The final Law Update of 2022 is here, and it’s packed full of articles. The double edition features two focus areas, first is a spotlight on Energy and Resources and second we feature a collection of articles on Transport and Logistics. The developments occurring in these sectors in the MENA region are unprecedented and our lawyers cover vast themes for you.
The Energy and Resources focus features topics such as diversifying energy resources, solar PV, mining in the Middle East, renewable energy and green hydrogen. From a transport perspective, we draw attention to the Bahrain metro project, discuss the challenges and remedies associated with the repossession of an aircraft, and there is advice on what to consider should a party vary the terms of a shipping contract.
This edition navigates you through updates from across jurisdictions such as, Oman, Jordan, Saudi Arabia, Egypt, Iraq, Qatar, and the UAE. Each article is timely and provides insights into legal issues and cases that are affecting these sectors across the region.Read the full edition
Anyone who has travelled to Qatar over the last few years will have witnessed the huge infrastructure projects that have been completed or are under construction. From the new Hamad International Airport, the dramatic road upgrade programme, to the new metro rail system – transport in Qatar is being transformed. Winning the 2022 FIFA World Cup bid has not only generated a great number of construction projects directly, with entirely new or upgraded stadiums being built, but has acted as a spur to improve infrastructure and transport links. On top of this, there is a huge amount of residential and commercial property being constructed, from the Musharib regeneration project in downtown Doha, the Motor City complex within touching distance of the KSA border, to the continued growth of the Pearl, the upscale waterfront community. So, there are a great deal of projects going on, but what about finance? How are all of these works funded?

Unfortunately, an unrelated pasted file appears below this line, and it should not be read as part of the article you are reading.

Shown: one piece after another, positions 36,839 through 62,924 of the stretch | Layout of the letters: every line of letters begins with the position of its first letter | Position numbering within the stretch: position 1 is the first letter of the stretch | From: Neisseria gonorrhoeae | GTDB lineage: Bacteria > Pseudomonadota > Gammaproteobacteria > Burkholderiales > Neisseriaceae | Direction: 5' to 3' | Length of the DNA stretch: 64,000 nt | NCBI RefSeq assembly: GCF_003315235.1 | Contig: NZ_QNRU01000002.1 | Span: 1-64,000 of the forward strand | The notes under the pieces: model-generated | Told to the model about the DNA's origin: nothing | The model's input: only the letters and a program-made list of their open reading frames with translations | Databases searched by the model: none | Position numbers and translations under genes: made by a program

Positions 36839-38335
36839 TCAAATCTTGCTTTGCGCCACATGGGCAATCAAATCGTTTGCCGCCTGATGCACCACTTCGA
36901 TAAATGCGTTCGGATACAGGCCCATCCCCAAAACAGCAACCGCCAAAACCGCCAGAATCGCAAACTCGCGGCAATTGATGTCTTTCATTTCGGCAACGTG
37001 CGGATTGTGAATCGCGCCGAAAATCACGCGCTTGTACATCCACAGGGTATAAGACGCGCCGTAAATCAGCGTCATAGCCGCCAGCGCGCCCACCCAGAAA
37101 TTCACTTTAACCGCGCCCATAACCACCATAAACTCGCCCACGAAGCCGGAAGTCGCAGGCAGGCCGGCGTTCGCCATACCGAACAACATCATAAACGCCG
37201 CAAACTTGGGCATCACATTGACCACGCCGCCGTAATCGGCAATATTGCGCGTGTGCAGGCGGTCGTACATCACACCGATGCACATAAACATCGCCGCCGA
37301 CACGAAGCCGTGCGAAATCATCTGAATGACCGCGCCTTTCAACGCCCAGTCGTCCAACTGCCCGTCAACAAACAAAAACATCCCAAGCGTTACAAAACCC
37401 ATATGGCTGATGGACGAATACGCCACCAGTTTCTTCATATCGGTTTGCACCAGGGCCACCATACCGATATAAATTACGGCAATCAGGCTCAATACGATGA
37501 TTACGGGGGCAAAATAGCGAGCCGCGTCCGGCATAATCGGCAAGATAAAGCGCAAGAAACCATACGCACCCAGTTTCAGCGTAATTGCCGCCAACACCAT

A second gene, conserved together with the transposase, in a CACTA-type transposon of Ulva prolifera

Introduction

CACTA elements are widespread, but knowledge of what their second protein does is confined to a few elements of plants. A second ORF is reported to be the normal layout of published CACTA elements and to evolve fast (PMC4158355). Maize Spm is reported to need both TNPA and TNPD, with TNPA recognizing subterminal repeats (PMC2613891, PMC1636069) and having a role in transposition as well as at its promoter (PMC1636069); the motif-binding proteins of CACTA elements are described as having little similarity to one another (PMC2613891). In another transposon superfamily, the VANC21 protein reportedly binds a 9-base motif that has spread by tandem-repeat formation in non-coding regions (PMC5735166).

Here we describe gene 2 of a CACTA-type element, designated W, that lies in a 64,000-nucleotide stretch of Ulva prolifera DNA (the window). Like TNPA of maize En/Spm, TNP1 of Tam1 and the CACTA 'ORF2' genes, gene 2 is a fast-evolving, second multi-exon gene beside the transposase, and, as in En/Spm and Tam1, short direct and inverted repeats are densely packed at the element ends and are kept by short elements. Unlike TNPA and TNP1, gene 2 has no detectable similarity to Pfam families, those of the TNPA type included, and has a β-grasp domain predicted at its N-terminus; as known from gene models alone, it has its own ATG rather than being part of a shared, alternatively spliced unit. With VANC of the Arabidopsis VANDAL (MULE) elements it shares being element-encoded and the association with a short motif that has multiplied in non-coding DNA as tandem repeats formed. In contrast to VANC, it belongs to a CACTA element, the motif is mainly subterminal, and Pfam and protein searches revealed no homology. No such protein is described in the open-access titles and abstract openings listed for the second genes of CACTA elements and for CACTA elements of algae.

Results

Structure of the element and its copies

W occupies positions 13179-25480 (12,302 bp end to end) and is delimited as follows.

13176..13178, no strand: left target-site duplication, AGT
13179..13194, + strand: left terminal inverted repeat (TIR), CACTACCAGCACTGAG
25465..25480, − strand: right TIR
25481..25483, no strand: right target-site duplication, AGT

As with many things in Qatar at present, the political situation is influencing the availability of finance. Up until June 2017 there were a number of regional lenders that were providing finance to institutions in Qatar to help fund construction projects. Whilst several banks headquartered in other GCC countries remain active in Qatar, local financial institutions have become more prominent in providing finance to projects in the country, funded in certain cases via well-publicized debt raisings on the international money markets. There are frequent announcements in the local press about lenders such as Qatar National Bank, Qatar Islamic Bank and Qatar International Islamic Bank providing financing for specific construction projects, and billboards at building sites around the country proudly announce lenders’ involvements in the schemes.
There remains an active market for project finance in Qatar. Whilst the collapse of the UK construction giant Carillion, which operates in Qatar, has brought some less welcome news, the fact that the Musharib project that it was involved with continues apace demonstrates the resilience of the local economy. As a firm we currently act for a large number of major construction companies active in Qatar, and the number of inquiries received from construction and construction support companies based in Europe and Asia looking to establish a presence Qatar demonstrates the attractiveness of the market.